Are you aware of the dangers around tyre inflation?

Across the country, tillage farmers are getting ready for the busy spring season and maintaining and preparing machines for the work ahead is a part of that.

Particular care should be taken when moving heavy items such as tyres, Teagasc is advising and, when possible, use a mechanical device for this task.

It highlights that it’s particularly important to ensure that vehicles are securely supported when tyres and rims are removed.

Last year, due to a number of fatal accidents involving large tyre inflation in 2014, the Health and Safety Authority (HSA) issued a large tyre inflation safety alert.

The HSA has the following advice when it comes to inflating tyres:

Dangers of explosive energy stored in tyres

Inflated tyres contain a large amount of stored energy. For example, the sidewall of a typical commercial vehicle (CV) tyre typically has over 34t of force acting on it.

Tyres are designed to withstand this but if they are damaged or used while flat [run flat], or significantly underinflated, they may fail.

The force can then be released explosively and result in a destructive air blast and the ejection of high-speed particles. These types of tyre explosion have led to numerous deaths at work.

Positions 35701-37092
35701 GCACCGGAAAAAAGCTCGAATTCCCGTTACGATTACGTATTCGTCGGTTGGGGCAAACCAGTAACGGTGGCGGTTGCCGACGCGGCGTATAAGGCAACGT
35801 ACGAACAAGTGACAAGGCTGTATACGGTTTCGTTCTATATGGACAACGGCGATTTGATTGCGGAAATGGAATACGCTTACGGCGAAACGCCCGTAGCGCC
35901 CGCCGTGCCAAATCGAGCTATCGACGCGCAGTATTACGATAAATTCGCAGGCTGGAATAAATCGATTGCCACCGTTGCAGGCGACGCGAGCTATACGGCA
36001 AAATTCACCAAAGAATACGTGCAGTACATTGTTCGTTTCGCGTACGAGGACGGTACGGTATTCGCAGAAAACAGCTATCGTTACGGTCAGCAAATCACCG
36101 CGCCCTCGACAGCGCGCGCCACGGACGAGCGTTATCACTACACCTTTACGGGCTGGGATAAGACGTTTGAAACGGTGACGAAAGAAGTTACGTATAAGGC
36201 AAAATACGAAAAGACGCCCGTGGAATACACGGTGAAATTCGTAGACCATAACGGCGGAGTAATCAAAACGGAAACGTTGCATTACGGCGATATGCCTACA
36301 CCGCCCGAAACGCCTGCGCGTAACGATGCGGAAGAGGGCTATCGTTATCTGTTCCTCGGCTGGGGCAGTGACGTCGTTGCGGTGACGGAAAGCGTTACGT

Risk of failure

Removal, replacement and inflation of tyres is an extremely common practice, so it may seem a simple task. But it can cause very serious injury and death from:

  • Explosion of the tyre or disintegration of the wheel during inflation.
  • Manual handling of the tyre and wheel.
  • Collapse of an elevated vehicle.

Cuts and splits should be clearly visible by inspection and there are industry standards on whether a repair should be attempted.

However, damage to the internal steel or textile cords may not be obvious. This internal damage may not become obvious until the tyre is reinflated and a bulge occurs.

At this stage, the additional strain placed on the adjacent cords can cause them to break in rapid succession, until the casing splits apart violently. This is commonly known as a ‘zipper-failure

How to reduce the risk of violent explosion

Before deflating a tyre, check the pressure and chalk the reading on the tyre wall. Remember, low tyre pressure may have caused tyre wall damage.

Do not inflate any tyre that has been significantly under-inflated until it has been adequately checked.

If in doubt, DO NOT re-inflate the tyre.

Do not use airlines without either a functioning pressure gauge or pressure control device being fitted.
Stay outside the likely explosion trajectory, when re-inflating a tyre.

Watch and listen for signs that might indicate a zipper failure. If you suspect a problem, do not approach the tyre to deflate it – use the quick-release connection at the operator’s end of the hose.

Further safety information is available on the HSA website.